The first part of a range pattern being constantly true, e.g. 1, can be used to start the range at the beginning of input. Similarly, if the second part is constantly false, e.g. 0, the range continues until the end of input:

/^--cut here--$/, 0

prints lines of input from the first line matching the regular expression ^--cut here--$, that is, a line containing only the phrase "--cut here--", to the end.

Calculate word frequencies

Word frequency uses associative arrays:

     for (i=1; i<=NF; i++)
    for (i in words)
         print i, words[i]

The BEGIN block sets the field separator to any sequence of non-alphabetic characters. Note that separators can be regular expressions. After that, we get to a bare action, which performs the action on every input line. In this case, for every field on the line, we add one to the number of times that word, first converted to lowercase, appears. Finally, in the END block, we print the words with their frequencies. The line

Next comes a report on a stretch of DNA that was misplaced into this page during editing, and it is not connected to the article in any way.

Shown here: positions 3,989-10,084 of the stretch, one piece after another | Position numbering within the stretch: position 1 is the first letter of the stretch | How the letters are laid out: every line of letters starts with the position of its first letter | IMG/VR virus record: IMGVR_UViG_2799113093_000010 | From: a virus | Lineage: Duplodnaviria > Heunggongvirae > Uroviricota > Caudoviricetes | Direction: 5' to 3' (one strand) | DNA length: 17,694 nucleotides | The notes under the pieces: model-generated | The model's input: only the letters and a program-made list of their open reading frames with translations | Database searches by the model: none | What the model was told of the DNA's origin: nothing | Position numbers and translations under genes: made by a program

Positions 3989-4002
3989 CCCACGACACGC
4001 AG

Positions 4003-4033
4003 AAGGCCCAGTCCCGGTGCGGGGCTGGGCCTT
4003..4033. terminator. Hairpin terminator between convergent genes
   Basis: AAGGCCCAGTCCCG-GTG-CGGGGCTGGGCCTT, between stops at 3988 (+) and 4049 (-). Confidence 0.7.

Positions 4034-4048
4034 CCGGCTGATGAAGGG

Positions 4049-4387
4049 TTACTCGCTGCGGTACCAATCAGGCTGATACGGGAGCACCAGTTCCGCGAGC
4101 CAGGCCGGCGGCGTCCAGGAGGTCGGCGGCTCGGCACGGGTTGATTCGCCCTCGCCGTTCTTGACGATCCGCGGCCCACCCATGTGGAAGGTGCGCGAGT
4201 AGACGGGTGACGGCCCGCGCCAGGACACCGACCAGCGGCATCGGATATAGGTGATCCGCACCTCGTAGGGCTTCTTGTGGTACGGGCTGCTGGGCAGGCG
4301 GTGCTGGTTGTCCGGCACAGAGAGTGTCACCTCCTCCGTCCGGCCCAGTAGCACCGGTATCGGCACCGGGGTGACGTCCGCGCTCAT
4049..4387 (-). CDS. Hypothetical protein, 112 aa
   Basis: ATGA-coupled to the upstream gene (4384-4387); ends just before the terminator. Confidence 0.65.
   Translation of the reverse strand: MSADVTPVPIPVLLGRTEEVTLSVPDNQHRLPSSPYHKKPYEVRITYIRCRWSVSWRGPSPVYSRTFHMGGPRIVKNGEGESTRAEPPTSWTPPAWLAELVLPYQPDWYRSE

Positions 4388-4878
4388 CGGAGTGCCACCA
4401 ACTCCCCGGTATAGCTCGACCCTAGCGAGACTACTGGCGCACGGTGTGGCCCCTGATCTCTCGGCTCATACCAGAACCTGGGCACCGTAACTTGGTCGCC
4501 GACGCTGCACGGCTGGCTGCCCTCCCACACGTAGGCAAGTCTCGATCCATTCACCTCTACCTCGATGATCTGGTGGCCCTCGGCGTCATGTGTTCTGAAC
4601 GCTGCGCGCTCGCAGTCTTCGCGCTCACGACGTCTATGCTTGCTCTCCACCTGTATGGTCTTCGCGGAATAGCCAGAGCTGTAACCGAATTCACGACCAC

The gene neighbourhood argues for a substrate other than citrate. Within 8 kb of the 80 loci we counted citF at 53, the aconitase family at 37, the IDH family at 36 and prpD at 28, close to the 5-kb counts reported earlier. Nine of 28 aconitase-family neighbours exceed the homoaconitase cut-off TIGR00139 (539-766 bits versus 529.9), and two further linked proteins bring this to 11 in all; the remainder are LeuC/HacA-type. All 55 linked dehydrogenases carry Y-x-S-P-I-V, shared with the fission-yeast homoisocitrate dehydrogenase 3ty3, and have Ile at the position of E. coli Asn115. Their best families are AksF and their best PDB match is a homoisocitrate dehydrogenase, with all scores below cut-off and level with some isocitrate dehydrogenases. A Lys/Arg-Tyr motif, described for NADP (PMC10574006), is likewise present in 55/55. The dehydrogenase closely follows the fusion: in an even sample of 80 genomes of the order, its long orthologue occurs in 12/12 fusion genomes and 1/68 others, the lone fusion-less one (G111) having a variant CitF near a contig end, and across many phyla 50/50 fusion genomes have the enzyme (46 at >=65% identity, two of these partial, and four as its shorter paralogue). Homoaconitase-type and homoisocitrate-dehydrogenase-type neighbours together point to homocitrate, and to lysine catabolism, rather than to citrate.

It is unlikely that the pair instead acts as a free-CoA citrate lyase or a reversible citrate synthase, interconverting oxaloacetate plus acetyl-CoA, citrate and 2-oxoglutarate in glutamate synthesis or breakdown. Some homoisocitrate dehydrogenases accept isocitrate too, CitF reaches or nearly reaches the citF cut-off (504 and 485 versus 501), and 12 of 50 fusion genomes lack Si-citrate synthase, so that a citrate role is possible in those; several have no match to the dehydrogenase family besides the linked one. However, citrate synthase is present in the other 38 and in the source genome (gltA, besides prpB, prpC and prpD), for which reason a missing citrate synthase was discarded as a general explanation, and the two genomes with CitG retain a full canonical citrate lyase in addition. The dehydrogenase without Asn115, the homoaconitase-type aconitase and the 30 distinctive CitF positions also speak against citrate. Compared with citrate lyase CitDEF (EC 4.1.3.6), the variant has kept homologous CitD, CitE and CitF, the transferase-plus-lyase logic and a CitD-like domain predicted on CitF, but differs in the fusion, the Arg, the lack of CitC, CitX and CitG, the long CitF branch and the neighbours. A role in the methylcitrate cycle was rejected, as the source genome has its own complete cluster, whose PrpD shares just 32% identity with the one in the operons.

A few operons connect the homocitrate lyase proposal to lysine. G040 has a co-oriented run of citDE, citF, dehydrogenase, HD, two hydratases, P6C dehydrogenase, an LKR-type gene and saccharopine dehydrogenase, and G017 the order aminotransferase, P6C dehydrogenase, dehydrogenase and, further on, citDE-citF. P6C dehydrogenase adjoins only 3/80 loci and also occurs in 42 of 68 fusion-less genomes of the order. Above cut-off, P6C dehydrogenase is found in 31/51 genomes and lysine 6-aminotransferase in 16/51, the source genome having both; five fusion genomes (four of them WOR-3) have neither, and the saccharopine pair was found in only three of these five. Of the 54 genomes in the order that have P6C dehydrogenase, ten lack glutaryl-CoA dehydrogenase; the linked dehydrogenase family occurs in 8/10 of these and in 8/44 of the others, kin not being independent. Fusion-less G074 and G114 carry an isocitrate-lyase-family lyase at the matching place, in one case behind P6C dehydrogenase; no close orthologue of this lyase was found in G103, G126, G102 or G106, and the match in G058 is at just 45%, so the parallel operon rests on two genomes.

for (i in words)

creates a loop that goes through the array words, setting i to each subscript of the array. This is different from most languages, where such a loop goes through each value in the array. The loop thus prints out each word followed by its frequency count. tolower was an addition to the One True awk (see below) made after the book was published.

Match pattern from command line

This program can be represented in several ways. The first one uses the Bourne shell to make a shell script that does everything. It is the shortest of these methods:

$ cat grepinawk
awk '/'$pattern'/ { print FILENAME ":" $0 }' "$@"